The world of international financial reporting by multinational companies is steadily moving to using a single basis of accounting, International Financial Reporting Standards (IFRS). The big question for the international community is whether this movement will take in the United States: will the US abandon its much-prized Generally Accepted Accounting Principles (GAAP) in favour of IFRS? The answer currently seems to be ‘No’, or at best only slightly.
The Securities and Exchange Commission (SEC) which is responsible for specifying the reporting regime for companies issuing securities on the US capital market has long been a supporter of IFRS, but as different SEC chairmen have come and gone, and different Chief Accountants, enthusiasm has waxed and waned.
SEC chairmen tend to come and go as the President changes. President Obama’s nominee, Mary Schapiro, delayed a decision that under the previous administration had seemed imminent. She mandated a staff report into the advantages and disadvantages of moving to IFRS. This report, expected at the end of 2011, finally surfaced in July 2012, but it made no recommendations.
The best guide to what to expect comes from what James Kroeker, the chief accountant of the SEC until July, told influential members of the international financial reporting community that the final decision must be made by the SEC, but the likelihood, if they move at all, would be:
(a) The US maintains the ‘US GAAP’ label
(b) The US private sector standard-setter, the Financial Accounting Standards Board (FASB) will be in charge of assessing individual standards, and may modify them for US use
(c) There will be a five to seven year transition period
Mr Kroeker added that the present ‘convergence’ programme where the US and international standard-setters work on joint projects such as leasing and revenue recognition must come to an end. He imagined that in the near future the international standard-setter would create some sort of forum whereby public authorities responsible for national and regional endorsement would regularly meet together. The International Accounting Standards Board (IASB) should involve this forum in the development of standards to reduce the risk of subsequent ‘carve-outs’ from IFRS.
Mr Kroeker was speaking in London to a meeting of the IFRS Advisory Council, a body which brings together many interests form the world of international financial reporting to discuss the work of the IASB. He apologised for the delay in finalising the SEC assessment, and explained that the Dodd-Franks Act in the US had occupied a lot of staff time, while the IASB and FASB had also not completed the convergence projects originally scheduled for the middle of 2011.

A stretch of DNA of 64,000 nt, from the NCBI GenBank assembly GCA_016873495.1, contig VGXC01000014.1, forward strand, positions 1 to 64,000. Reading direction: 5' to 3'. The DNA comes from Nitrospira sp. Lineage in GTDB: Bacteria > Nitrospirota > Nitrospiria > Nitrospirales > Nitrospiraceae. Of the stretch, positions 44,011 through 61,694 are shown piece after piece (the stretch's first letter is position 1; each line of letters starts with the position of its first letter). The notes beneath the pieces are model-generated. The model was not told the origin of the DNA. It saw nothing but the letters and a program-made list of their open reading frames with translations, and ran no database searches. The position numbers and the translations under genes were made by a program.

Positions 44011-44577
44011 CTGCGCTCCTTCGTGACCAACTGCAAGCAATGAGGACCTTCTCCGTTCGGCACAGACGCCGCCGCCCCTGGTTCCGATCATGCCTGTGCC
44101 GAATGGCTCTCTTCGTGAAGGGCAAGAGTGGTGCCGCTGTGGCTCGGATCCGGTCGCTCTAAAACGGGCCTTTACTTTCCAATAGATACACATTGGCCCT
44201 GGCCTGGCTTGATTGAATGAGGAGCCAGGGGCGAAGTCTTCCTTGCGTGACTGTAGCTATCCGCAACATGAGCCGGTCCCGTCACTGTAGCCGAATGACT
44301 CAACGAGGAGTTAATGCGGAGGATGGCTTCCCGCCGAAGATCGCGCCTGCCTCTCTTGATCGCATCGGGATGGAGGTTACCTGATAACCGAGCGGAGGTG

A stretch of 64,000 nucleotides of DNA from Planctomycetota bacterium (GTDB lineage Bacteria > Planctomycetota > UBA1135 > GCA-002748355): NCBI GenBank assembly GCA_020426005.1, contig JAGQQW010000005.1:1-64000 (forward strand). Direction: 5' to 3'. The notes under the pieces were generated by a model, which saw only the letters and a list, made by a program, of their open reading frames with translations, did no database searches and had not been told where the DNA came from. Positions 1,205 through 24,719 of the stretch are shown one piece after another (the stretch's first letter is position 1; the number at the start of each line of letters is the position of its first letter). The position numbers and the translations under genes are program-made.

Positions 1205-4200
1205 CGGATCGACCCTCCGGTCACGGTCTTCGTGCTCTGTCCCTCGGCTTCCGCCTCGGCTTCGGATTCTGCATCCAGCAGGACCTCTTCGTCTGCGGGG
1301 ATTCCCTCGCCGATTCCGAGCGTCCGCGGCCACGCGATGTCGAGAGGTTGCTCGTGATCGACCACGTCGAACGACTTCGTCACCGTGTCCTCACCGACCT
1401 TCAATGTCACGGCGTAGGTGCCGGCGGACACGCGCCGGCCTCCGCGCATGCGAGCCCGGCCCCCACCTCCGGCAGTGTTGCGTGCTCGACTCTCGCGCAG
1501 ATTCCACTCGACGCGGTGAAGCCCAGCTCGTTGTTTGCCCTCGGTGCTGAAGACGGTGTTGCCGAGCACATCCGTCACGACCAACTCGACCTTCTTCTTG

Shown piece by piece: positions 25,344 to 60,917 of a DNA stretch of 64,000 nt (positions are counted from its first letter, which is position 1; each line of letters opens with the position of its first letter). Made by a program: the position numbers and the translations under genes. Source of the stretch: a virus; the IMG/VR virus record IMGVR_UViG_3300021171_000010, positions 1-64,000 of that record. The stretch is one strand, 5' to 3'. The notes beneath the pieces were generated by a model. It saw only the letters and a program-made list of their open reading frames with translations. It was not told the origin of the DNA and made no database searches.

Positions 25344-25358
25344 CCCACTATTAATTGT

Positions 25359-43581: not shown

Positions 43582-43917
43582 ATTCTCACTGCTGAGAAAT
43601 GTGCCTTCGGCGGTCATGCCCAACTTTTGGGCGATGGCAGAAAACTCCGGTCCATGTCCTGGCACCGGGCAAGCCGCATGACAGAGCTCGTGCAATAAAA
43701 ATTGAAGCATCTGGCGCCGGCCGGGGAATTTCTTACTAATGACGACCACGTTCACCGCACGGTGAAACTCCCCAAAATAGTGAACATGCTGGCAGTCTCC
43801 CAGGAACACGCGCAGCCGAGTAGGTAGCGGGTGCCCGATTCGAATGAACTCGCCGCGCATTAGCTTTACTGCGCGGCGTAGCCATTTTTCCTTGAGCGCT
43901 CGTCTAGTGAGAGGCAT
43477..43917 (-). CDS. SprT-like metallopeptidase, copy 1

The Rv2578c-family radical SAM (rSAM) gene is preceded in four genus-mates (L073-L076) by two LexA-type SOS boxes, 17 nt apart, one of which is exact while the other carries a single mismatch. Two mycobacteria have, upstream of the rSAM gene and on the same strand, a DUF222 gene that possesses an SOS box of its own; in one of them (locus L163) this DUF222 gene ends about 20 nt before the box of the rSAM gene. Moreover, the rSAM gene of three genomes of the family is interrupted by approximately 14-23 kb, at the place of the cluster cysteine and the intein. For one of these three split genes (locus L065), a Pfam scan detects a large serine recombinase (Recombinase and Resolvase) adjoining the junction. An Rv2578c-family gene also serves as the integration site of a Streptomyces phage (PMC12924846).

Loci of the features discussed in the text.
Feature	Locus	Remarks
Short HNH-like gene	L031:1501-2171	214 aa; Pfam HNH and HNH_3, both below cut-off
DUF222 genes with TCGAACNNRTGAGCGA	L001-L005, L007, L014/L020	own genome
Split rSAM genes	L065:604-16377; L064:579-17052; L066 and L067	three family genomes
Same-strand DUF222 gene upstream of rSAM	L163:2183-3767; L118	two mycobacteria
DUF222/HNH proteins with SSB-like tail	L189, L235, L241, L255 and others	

The prevailing view in the international financial reporting community now seems to be that no decision will be made by the SEC ahead of the next President of the US taking office next year. Clearly there will be no outright endorsement of IFRS, and what might be expected is a slow narrowing of differences, with the US taking much less of a prominent role in the development of IFRS. Many US companies see little advantage in moving to IFRS.
If the SEC did set up a formal endorsement programme it remains an open question as to what sort of threshold the FASB would use to determine if they endorse an IFRS. The SEC has previously suggested that the IFRS must be an improvement on US GAAP, otherwise it would not be endorsed. However, this raises the question of whether the FASB would endorse an IFRS that was as good as a US standard but took a different alternative amongst an equally valid group. Would the FASB endorse that?
The European Union does, of course, have a similar endorsement mechanism, but the EU committee can only delete things from an IFRS, they cannot add things, and they have so far made only one carve-out. If the US goes ahead with this kind of arrangement, it will cause some Europeans at least to wonder if they should not also call IFRS ‘European GAAP’ and adapt them freely.